President Hugo Chavez's decision not to renew the broadcast license of a television station critical of his government is intensifying fears of media censorship as the fiery leader accelerates his march toward socialism.
Last month, Chavez announced that Radio Caracas Television, Venezuela's oldest private station, would cease broadcasting after its license expires May 27.
Chavez accuses the station, widely known as RCTV, of spreading disinformation and broadcasting soap operas and other programs that violate the nation's 2004 media law restricting violence and sexual content over the airwaves.
He also charges that RCTV's general manager, Marcel Granier, took part in the 2002 coup that briefly ousted Chavez from power.
"They were part of the team of conspirators," said Saul Ortega, a pro-Chavez congressman. "It's a subversive channel that is outside the law."
Granier has denied participating in the 2002 uprising against Chavez and said the station's only crime is to challenge what he and other critics describe as the Venezuelan leader's growing stranglehold on power.
"What's in play is the right that people have to be informed and entertained," Granier told the Caracas newspaper El Universal. "What's in play is the right of journalists to do their job independently, without being threatened."
Groups ranging from Venezuela's Roman Catholic Church to the Organization of American States have condemned Chavez's decision to shut RCTV.
"It's hard to imagine a more obvious case of censorship," said Jose Miguel Vivanco, the Americas director for Human Rights Watch. "President Chavez decided to punish the television channel because he doesn't approve its editorial line..."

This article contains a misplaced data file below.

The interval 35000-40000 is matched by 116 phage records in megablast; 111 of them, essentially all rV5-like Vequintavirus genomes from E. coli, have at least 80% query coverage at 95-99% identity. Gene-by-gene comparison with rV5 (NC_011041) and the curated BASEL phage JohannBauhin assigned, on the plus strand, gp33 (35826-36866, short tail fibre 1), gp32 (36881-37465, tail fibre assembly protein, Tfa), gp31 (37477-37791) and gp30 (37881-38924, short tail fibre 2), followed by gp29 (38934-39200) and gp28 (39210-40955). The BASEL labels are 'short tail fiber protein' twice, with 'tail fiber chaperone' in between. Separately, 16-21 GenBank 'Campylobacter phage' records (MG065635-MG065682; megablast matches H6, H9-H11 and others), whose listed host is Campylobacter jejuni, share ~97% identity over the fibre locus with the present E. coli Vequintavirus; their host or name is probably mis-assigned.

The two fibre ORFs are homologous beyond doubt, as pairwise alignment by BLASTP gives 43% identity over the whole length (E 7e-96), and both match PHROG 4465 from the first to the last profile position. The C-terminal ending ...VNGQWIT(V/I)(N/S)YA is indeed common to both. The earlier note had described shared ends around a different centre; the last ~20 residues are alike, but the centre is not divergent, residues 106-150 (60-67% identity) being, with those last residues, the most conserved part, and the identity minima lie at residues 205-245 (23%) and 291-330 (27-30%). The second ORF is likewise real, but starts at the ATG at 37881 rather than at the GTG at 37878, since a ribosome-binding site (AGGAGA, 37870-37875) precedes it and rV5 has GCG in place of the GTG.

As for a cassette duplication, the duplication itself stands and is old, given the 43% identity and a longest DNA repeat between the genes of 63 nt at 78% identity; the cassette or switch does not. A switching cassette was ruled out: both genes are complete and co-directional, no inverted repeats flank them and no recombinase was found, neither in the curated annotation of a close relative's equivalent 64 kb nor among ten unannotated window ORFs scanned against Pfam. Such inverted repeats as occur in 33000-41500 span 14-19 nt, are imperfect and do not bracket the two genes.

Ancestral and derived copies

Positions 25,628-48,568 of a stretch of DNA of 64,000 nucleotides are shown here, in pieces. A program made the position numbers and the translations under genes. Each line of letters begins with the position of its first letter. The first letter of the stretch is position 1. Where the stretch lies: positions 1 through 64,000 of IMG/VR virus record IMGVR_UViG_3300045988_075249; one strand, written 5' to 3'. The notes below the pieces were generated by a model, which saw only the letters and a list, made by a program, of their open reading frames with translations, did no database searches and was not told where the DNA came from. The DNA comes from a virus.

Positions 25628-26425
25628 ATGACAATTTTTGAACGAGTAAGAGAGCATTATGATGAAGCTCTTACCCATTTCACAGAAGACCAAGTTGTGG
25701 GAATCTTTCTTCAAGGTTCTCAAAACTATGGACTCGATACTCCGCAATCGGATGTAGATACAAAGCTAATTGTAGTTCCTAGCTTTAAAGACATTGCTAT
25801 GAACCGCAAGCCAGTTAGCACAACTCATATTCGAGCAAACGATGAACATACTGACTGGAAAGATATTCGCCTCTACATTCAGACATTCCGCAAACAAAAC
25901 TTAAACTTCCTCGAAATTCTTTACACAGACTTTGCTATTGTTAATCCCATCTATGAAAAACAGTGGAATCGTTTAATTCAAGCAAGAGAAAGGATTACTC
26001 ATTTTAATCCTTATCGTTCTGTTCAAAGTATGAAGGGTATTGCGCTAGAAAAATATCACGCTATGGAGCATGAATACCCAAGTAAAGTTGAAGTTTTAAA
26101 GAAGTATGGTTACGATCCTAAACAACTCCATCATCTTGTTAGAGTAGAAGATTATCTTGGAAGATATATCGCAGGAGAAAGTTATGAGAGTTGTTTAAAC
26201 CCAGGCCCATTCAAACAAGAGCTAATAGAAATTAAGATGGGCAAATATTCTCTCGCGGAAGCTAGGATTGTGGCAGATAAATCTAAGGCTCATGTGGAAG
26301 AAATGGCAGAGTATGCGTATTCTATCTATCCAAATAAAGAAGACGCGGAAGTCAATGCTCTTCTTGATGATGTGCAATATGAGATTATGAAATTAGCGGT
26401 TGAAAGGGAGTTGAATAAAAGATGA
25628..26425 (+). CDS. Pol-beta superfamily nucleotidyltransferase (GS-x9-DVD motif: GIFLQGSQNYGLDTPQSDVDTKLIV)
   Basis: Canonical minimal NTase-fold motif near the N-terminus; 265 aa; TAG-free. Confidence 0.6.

In addition to announcing plans to nationalize Venezuela's electrical industry and its largest telecommunications company, Chavez is seeking to strip Venezuela's Central Bank of its autonomy while uniting his supporters under a single leftist party.
The Chavez-dominated National Assembly is expected to grant the president decree-making powers so he can promulgate a host of "revolutionary laws."...
Programming on the state's longtime flagship station, Venezolana de Television, often resembles a giant campaign ad for Chavez and his populist policies. One broadcast last week equated capitalism with misery and hate, while praising socialism as embodying equality and collectivism.
"We have all been under pressure in the past few years," said Miguel Otero, editor of the Caracas daily El Nacional.
Julio Borges, leader of the Primero Justicia party, said RCTV is extremely popular among the nation's impoverished majority. Globovision, a 24-hour cable channel also critical of Chavez, has a far smaller audience consisting of mostly wealthier Venezuelans, he said.
"I can go on Globovision and I'm talking to 10 percent or 20 percent of the population in the best case," Borges said. "I go on RCTV and all of Venezuela is watching."